SYSCO Land Separate Cleanup Issue

Picture by Dan McMullin

No Link Between High Dump, Municipality And Federal Government,
Says Traves

Cape Breton Post
Wednesday, April 9, 2003

A funding partnership to clean up Canada's worst toxic waste site only commits to cleaning up the tar ponds and coke ovens site, not contamination heaped on the neighbouring property.

John Traves, Sysco president, said "it would be nice if people wanted to pay for our problems. But Sydney Steel ran that site throughout its history and there was no link to the municipality or to the federal government that I'm aware of at this point. If it turns out that the federal government caused the contamination on the high dump I'd be happy to look at it."

He is referring to the 30 metres of uncontrolled waste disposed of at the Crown corporation's high dump since the steel plant's inception in 1901.

It has been reported that the waste includes derelict equipment, demolition debris, office waste, waste water sludge, petroleum debris, varnish, waste oil, storage tanks and other wastes of unknown quality.

In a recent request for proposals issued by Sysco, it was reported that descriptions of the high dump invariably included the phase "anything imaginable." Other process wastes such as mill scale (a carbonaceous material that flakes off the steel blooms in the reheat furnace), blast furnace flue dust, caster slag and open hearth slag were also dumped. Traves said the high dump "is what it is. It's a steel plant and a heavy industrial site that has to be cleaned up."

The Sydney Steel Corp. has issued a request for proposals to begin a Phase II environmental site assessment in May. "All we're doing now is figuring out what are the existing environmental concerns. They have to be identified first."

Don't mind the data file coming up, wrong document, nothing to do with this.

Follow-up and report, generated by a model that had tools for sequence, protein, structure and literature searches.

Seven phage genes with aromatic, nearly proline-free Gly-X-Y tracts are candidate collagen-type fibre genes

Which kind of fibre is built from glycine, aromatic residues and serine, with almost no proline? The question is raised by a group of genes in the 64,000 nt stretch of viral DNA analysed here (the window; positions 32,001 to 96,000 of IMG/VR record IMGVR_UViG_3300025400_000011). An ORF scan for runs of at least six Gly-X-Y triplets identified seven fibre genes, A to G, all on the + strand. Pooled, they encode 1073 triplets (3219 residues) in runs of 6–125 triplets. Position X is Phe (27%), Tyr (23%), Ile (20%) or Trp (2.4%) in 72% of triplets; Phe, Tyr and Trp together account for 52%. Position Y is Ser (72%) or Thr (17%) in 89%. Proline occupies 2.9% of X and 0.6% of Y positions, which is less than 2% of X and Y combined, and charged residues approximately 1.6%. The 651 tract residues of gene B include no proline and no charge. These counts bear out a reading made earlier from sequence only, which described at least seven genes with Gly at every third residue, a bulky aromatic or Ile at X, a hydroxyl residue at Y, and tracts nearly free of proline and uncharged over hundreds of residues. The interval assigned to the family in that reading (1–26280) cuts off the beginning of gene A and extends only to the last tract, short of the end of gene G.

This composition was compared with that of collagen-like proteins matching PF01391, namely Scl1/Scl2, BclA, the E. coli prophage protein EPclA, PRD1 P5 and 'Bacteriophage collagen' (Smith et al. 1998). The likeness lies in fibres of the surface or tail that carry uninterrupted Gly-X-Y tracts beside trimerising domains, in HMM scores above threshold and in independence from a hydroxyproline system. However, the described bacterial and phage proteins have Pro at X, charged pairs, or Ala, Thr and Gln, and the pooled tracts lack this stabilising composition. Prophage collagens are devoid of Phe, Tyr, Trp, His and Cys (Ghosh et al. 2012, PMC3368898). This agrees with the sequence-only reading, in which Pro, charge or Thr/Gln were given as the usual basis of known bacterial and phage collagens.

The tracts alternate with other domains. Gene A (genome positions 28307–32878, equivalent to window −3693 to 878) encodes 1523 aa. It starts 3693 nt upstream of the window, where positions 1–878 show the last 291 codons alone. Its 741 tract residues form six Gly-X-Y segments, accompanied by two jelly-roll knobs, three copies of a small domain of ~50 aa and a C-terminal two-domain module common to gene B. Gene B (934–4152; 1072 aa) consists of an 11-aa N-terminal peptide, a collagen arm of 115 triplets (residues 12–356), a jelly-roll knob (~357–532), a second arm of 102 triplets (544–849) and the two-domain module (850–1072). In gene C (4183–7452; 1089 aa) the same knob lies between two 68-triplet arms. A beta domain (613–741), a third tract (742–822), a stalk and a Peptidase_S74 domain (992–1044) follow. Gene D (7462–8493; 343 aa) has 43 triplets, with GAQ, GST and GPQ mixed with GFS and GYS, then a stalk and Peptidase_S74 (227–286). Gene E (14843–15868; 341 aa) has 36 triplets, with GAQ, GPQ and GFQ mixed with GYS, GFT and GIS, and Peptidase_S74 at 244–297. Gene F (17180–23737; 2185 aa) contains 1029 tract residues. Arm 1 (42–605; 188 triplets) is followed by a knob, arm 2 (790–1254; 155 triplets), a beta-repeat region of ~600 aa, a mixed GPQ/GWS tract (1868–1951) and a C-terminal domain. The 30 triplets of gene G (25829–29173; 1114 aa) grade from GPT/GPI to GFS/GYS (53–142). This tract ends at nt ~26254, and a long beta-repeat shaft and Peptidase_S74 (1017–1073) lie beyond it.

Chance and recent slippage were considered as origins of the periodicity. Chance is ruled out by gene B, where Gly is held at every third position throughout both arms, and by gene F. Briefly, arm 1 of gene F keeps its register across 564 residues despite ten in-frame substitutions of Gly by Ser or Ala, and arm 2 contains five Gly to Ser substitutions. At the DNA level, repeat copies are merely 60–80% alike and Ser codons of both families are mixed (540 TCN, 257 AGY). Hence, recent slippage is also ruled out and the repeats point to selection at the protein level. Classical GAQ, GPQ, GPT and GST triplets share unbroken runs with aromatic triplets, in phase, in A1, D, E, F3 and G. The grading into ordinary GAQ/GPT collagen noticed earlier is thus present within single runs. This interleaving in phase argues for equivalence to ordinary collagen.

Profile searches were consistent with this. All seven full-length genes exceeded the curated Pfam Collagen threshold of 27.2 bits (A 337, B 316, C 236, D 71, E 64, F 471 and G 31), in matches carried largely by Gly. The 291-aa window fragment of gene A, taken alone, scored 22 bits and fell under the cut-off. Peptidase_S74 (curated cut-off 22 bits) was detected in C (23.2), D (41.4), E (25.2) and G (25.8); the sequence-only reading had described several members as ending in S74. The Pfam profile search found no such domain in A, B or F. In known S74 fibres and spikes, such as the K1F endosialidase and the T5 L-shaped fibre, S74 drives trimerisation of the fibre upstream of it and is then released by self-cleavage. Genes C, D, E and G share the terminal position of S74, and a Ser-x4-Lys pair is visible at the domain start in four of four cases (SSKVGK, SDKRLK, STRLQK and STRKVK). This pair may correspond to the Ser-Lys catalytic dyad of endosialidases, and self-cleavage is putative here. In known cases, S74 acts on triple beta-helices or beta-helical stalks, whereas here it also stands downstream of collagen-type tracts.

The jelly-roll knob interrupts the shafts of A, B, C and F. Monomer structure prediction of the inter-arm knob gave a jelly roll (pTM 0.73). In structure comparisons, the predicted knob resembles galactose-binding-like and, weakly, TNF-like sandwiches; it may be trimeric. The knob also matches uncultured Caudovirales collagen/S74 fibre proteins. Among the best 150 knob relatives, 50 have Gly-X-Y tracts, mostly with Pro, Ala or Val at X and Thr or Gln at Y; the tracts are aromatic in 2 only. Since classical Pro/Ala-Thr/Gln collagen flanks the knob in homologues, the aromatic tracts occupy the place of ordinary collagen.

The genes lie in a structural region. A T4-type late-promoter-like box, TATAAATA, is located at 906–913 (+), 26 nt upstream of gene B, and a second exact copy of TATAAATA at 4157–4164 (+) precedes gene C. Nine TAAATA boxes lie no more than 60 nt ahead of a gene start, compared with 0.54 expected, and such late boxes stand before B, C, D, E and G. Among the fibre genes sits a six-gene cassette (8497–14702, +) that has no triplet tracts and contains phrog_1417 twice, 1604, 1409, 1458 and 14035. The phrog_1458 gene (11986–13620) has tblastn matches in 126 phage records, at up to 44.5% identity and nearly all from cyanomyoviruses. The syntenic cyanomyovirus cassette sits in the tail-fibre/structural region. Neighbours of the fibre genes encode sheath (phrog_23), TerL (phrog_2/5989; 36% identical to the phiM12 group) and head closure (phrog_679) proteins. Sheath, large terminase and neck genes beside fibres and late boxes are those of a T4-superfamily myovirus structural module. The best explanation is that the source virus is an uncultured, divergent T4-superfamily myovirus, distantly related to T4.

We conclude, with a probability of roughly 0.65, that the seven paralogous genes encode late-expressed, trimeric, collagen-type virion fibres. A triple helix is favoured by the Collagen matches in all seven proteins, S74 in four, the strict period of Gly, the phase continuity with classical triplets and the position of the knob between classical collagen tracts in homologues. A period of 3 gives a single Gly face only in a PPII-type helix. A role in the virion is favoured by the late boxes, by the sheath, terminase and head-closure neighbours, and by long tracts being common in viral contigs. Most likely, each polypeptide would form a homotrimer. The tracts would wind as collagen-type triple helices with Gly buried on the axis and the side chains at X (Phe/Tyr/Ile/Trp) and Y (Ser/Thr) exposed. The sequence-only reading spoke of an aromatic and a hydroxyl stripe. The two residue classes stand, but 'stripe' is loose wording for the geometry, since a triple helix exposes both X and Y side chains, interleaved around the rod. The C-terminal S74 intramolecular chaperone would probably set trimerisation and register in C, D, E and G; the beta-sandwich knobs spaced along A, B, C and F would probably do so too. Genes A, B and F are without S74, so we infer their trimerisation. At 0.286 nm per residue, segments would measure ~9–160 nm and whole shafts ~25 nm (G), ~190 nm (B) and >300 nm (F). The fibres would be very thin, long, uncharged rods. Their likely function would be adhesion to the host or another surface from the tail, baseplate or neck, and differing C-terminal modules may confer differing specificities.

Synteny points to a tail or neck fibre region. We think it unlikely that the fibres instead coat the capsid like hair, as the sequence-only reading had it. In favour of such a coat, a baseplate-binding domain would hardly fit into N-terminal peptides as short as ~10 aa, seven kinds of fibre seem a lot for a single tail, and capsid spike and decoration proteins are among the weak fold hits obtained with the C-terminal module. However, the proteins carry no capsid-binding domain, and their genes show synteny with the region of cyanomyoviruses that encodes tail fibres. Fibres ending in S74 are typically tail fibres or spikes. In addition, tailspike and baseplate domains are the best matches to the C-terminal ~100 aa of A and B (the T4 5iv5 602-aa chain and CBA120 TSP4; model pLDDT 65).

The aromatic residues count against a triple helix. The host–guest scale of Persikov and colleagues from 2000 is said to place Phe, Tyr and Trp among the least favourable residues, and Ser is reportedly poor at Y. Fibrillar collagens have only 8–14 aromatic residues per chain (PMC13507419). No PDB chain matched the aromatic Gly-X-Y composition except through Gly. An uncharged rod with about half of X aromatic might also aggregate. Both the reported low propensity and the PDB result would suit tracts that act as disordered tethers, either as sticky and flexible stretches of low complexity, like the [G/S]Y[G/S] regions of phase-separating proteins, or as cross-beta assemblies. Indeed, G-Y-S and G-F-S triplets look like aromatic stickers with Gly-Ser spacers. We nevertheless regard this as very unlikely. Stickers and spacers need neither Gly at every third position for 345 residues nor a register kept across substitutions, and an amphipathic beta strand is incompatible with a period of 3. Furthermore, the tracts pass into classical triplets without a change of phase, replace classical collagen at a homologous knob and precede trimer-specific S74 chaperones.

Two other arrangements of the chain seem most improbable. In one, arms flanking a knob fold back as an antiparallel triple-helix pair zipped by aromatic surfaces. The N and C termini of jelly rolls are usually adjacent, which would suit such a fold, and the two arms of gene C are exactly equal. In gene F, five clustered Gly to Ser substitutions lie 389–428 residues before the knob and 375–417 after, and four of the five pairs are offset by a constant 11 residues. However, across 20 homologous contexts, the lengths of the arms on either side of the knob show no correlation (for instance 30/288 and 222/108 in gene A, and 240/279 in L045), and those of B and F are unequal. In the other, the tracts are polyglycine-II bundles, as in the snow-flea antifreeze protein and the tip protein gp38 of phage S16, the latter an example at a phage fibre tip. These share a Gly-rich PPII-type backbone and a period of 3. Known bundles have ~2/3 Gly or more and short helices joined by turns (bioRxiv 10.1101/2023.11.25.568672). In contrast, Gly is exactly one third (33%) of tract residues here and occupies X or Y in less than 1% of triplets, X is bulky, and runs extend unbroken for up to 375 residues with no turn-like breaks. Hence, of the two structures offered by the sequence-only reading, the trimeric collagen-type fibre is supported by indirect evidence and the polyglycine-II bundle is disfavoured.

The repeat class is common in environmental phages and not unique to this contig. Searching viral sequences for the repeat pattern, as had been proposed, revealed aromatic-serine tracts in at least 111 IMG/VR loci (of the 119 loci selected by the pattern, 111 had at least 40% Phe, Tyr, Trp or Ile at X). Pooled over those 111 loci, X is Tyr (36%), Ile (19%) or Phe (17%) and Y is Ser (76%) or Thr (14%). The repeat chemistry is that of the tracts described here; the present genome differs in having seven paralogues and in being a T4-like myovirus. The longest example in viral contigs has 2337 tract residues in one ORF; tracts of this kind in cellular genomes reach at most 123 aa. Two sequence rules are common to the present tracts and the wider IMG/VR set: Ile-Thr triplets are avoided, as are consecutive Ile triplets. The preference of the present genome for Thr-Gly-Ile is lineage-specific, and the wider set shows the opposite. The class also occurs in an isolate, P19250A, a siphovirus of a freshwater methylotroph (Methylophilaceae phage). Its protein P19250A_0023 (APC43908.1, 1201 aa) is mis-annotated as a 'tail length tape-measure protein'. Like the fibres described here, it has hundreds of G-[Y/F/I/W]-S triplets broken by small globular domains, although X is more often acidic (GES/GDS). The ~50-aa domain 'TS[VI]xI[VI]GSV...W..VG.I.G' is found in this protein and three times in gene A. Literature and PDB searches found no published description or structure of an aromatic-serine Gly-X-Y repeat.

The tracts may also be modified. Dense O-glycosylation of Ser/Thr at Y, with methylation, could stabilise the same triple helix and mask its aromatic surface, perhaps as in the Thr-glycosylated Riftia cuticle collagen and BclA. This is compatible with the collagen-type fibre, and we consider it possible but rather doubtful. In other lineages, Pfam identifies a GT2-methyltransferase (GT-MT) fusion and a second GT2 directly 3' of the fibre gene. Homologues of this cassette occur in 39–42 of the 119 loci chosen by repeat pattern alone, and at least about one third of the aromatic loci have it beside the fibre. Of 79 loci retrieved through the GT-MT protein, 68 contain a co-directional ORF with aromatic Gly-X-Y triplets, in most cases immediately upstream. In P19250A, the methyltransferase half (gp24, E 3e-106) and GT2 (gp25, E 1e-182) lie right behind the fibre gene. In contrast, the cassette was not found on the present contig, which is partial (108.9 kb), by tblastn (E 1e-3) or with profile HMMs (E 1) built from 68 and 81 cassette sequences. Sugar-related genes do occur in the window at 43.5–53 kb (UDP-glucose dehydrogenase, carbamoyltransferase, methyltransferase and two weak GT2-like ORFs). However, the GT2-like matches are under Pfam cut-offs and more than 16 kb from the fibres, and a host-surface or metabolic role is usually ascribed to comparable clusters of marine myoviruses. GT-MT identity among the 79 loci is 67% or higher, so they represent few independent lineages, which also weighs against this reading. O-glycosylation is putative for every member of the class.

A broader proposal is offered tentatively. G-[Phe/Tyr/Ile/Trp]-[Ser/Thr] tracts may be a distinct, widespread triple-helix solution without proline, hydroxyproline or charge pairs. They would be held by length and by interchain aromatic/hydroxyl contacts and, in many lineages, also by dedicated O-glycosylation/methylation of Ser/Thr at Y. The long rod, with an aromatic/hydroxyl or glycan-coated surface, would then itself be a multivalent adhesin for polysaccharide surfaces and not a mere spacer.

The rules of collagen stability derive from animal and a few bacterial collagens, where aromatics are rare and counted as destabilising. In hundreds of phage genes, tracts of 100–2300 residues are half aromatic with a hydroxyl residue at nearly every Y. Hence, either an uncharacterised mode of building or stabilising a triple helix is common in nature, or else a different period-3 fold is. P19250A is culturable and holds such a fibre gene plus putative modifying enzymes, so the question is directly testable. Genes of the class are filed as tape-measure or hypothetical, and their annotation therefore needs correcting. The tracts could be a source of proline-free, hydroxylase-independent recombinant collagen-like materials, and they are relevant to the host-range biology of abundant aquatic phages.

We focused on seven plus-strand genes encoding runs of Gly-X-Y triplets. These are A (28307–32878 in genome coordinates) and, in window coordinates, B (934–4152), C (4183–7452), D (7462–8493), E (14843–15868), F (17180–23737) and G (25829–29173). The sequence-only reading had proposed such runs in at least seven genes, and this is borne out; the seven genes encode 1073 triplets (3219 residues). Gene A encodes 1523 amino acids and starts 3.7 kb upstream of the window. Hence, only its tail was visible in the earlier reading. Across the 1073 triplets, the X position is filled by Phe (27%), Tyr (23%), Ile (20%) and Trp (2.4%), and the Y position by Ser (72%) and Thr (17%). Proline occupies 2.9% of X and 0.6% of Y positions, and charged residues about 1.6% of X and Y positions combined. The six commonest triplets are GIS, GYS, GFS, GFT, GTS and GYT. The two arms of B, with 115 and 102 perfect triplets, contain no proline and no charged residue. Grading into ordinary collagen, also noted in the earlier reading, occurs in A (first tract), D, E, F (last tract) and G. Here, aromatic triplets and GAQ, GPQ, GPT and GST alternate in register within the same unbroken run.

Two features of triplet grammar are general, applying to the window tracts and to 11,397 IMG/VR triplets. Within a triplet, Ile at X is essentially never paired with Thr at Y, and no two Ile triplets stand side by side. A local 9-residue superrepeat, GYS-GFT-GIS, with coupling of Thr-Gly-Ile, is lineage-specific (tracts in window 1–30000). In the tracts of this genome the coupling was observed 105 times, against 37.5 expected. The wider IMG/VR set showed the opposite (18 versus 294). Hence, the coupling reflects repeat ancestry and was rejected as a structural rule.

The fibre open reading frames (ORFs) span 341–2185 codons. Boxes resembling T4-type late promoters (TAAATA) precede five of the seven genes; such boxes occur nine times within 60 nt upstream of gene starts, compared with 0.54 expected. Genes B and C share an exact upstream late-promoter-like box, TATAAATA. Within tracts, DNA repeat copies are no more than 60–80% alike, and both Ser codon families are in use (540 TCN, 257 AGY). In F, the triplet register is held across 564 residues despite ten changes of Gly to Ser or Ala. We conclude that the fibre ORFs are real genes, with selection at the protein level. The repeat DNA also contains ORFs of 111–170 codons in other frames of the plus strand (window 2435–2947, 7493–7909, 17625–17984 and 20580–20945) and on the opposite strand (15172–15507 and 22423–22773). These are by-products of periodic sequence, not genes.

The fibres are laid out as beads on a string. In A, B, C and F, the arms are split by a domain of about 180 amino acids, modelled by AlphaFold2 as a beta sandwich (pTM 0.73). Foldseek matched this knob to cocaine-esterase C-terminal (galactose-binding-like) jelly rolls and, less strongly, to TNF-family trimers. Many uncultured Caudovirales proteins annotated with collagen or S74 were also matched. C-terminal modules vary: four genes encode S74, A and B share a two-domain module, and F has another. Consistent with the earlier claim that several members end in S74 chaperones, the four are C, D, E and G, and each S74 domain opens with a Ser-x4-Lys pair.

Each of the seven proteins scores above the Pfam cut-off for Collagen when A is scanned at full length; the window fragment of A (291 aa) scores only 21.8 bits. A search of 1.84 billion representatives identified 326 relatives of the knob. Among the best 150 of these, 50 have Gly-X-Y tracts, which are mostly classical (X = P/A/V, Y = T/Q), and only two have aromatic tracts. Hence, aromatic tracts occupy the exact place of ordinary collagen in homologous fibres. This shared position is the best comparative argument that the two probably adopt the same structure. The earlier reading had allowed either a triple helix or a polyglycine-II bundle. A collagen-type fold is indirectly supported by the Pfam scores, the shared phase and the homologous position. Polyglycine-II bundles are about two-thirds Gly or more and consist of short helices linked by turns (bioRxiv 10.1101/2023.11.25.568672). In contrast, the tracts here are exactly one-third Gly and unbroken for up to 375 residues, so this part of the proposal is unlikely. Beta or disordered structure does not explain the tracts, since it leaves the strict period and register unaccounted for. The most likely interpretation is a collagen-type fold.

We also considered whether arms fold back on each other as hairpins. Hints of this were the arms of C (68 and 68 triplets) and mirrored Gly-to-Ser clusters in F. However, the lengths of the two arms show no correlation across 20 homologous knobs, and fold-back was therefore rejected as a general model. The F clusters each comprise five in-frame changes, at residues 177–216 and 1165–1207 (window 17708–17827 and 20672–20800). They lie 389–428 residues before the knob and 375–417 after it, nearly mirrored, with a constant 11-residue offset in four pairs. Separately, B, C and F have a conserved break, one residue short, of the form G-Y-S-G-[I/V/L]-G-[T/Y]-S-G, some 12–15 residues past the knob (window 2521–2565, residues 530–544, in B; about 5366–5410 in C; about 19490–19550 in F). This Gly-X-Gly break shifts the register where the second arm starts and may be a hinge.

What will be done with the site at the end of the day is hard to say, he said. Final steps are being taken by the three levels of government and the Joint Action Group to begin remediating the Sydney tar ponds and coke ovens soon. Although the projects are separate, Traves said discussion between the Crown cor poration and funding partners cleaning up the tar ponds and coke ovens is ongoing. "It's not a bunker mentality. We all work in the same sort of area. The experts talk to one another."

Mark Eyking, MP for Syd ney-Victoria, said cost-sharing the remediation of the Sysco property has not been raised by the province in Ottawa. Eyking said he'll take it upon himself to ask the government of Nova Scotia what it has planned for the property

How the Sysco property ties into the future site use of a remediated Sydney tar ponds and coke ovens should be defined, said Eyking. "I think you have to look at the whole thing." In a land-use plan and redevelopment strategy, completed for the former Sysco property, it's reported that plans include changing the indus trial land into one of the "pre mier industrial parks in the Province of Nova Scotia."

The strategy adds, business will be attracted to the area by the physical assets of the Sysco property and through a concerted marketing effort by all levels of government. It's planned that the new industry will meet environmental standards equal to those in other parts of Canada. The property will have large green areas, walking and biking trails throughout and will be considered a good place to work. The property will also keep remnants of its steel making days to serve as a reminder.

New connectors to Whitney Pier, Highway 125 and down town Sydney are also planned.